FRANKFORT — A 2014 federal workforce law with a local focus is helping Kentucky employers find solutions to one of their greatest hiring obstacles—drug abuse.
Many workers have necessary skills but “can’t pass the drug test,” state Department of Workforce Investment Commissioner Beth Kuhn told the Interim Joint Committee on Local Government yesterday. She met with around 10 employers two weeks ago at the Governor’s Mansion, many of whom she said are considering altering their drug testing policies just to get long-term, skilled unemployed talent in the door.
“They’re considering whether they might move drug testing into random testing, once you’re employed,” said Kuhn. “It’s become too much of an impediment to hiring.”
Clarifying that partnership and collaboration is “the key” under current workforce law, Kuhn said her agency plans to collaborate with the Cabinet for Health and Family Services and use its expertise on substance abuse to help address workers’ and employers’ needs.
“How do we match those (substance abuse) programs up with our expertise that we have in employment, and make sure that we are intervening as early as we can and supporting that worker,” said Kuhn. “We’re trying to put the resources in place.”
Rep. Mike Denham, D-Maysville, said he was relieved to hear about agency collaboration. Companies in his area have told him, he said, that drug abuse is a huge barrier to hiring.
“Companies are telling me they are getting all the aid and assistance they need, but their biggest concerns in the drug culture,” Denham said.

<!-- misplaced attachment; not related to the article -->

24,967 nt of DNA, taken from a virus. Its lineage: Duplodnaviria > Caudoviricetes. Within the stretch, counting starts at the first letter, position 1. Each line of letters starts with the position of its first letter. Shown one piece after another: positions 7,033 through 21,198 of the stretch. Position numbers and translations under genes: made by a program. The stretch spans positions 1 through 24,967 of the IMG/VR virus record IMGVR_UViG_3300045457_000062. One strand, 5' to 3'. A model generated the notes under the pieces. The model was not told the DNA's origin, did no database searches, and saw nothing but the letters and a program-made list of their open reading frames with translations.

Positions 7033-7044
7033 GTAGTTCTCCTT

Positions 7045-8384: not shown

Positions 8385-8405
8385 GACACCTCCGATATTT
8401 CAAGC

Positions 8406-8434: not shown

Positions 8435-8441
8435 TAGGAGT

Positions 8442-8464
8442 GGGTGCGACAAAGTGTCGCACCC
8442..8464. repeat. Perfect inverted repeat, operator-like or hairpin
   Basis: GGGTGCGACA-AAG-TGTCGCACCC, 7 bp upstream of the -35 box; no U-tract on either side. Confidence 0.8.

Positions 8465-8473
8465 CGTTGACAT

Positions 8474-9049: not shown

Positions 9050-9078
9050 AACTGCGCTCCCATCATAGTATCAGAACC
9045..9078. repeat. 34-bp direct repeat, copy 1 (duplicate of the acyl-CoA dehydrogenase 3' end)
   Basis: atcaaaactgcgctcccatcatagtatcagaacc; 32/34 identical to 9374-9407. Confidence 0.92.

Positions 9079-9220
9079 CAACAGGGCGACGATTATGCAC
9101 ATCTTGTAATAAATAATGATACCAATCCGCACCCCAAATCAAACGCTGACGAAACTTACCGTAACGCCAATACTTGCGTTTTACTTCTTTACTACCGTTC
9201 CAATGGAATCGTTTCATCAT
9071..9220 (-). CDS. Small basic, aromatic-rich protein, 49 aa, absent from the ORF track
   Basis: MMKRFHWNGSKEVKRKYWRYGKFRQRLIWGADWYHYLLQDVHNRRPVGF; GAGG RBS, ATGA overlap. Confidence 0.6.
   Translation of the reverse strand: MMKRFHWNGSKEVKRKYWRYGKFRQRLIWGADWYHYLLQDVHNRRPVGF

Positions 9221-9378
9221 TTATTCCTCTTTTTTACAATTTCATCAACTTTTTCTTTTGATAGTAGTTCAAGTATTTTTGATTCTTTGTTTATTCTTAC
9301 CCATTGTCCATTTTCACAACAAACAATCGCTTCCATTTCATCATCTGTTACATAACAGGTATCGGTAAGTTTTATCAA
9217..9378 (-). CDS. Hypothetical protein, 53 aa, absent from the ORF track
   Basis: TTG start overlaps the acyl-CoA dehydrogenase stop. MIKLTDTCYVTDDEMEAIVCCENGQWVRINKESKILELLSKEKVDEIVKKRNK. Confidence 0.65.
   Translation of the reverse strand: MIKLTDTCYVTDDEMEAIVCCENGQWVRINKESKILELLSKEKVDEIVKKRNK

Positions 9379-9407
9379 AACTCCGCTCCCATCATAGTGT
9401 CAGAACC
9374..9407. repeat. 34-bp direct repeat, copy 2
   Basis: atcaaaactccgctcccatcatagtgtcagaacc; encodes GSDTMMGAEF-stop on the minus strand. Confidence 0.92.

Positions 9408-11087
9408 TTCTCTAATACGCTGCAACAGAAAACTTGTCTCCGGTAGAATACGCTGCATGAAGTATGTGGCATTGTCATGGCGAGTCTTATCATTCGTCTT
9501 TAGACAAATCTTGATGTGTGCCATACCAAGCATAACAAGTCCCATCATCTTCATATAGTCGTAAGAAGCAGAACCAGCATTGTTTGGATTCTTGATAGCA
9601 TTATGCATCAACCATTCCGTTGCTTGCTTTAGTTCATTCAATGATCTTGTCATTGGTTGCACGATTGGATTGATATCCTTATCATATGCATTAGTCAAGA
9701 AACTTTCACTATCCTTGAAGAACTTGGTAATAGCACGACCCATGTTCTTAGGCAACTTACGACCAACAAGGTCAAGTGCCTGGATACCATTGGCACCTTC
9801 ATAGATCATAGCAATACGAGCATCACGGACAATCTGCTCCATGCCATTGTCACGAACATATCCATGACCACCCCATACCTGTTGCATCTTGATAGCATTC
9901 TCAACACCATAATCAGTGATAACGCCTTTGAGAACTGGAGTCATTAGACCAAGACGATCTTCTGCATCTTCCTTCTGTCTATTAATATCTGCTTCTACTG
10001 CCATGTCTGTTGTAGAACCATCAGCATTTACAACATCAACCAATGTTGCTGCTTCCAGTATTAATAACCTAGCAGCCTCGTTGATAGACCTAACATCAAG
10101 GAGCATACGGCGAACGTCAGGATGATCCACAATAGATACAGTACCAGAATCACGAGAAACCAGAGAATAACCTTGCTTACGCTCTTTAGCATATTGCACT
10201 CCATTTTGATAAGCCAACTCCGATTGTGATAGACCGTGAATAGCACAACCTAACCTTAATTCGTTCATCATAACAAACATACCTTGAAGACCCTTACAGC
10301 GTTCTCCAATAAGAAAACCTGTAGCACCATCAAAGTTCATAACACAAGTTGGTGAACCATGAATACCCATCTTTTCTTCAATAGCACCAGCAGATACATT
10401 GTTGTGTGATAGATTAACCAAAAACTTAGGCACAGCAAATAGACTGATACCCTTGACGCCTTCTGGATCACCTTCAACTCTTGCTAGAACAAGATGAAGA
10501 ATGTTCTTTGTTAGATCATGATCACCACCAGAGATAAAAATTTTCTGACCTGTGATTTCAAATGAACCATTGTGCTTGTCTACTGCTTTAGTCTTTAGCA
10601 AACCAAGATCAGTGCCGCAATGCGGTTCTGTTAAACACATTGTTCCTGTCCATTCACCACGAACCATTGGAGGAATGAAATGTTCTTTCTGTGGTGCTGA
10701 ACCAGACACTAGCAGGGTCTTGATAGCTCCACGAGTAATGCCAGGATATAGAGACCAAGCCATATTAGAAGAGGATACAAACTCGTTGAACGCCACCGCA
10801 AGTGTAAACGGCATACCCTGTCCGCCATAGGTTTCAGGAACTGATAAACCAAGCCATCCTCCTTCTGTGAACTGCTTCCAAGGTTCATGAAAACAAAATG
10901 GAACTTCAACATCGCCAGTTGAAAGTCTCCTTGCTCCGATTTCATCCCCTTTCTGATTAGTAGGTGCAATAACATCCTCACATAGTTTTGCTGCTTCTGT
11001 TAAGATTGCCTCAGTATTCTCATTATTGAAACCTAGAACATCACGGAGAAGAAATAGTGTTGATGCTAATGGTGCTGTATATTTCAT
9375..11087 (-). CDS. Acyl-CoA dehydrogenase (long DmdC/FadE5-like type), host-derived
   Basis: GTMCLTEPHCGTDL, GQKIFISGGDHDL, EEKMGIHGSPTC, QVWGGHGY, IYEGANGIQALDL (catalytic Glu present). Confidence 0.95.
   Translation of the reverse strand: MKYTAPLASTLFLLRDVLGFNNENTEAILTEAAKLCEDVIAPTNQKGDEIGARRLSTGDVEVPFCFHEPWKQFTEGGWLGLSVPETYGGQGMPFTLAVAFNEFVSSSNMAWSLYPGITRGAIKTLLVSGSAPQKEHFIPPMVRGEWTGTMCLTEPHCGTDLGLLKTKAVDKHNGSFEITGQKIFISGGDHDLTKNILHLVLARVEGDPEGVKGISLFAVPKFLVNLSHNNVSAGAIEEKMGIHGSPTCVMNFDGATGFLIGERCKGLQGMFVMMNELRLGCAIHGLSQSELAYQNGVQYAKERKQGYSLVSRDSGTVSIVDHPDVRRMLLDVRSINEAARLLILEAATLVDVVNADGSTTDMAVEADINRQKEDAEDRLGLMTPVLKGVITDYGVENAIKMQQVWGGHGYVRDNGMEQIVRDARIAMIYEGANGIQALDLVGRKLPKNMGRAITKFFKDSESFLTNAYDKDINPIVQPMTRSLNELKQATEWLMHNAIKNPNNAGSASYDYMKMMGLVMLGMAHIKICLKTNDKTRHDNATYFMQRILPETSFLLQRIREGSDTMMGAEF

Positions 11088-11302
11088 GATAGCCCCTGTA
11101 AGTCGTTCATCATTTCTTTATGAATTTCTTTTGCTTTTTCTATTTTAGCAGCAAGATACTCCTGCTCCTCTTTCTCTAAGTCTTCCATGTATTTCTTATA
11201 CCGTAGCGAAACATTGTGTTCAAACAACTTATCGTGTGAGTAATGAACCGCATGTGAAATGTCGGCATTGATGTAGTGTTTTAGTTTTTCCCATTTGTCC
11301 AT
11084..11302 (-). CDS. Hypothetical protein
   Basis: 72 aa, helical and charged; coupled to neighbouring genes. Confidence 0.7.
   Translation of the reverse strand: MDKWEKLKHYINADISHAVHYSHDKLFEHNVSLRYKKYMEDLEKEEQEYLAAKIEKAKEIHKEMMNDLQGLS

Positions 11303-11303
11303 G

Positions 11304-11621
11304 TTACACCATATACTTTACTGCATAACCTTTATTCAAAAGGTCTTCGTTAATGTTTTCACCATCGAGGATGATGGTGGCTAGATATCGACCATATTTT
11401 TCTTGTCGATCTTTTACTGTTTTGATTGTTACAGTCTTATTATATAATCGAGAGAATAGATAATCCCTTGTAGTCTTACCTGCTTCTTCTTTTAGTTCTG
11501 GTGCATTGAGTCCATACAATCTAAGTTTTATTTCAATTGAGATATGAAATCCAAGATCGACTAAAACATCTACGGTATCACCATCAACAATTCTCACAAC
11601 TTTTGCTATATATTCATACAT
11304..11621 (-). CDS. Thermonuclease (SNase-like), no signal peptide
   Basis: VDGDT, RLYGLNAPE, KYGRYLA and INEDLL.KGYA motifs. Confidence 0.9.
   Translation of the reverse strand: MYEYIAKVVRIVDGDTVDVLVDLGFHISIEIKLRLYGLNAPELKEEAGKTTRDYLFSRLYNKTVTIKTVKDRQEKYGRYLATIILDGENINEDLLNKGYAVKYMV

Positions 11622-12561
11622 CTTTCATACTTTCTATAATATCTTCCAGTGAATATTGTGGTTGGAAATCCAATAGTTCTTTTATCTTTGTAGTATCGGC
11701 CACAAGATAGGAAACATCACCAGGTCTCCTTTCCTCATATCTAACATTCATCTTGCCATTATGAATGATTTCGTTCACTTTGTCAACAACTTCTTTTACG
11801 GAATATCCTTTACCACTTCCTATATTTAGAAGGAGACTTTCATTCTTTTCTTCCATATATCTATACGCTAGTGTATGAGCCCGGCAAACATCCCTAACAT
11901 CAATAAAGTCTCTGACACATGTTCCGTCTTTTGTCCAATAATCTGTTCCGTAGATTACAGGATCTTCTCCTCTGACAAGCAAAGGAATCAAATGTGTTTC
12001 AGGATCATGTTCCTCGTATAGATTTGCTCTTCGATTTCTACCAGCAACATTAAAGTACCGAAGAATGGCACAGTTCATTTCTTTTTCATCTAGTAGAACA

Local boards that will impact these changes are currently being set up across the Commonwealth under the new federal law, known as the Workforce Innovation and Opportunity Act (WIOA), Kuhn said. She said local elected officials are in the process of naming members of the local boards, with all boards required to be certified by this October.
One of many counties working to get its local board organized under the WIOA filed is Garrard County, represented by Rep. Jonathan Shell, R-Lancaster. And, like Denham’s counties, Shell said drug abuse is impacting hiring there. A recent job fair in Garrard County recruiting skilled labor for jobs paying $16 to $27 an hour only drew a couple people, he said.
“It really is becoming an epidemic,” said Shell.
And it is a multi-faceted issue, one that requires workforce intervention and more, Kuhn explained.
The issue “crosses workforce, it crosses human services, it crosses education, it crosses all kinds of things,” she said. “How do we focus in on making sure we minimize that reality for our individual Kentuckians?”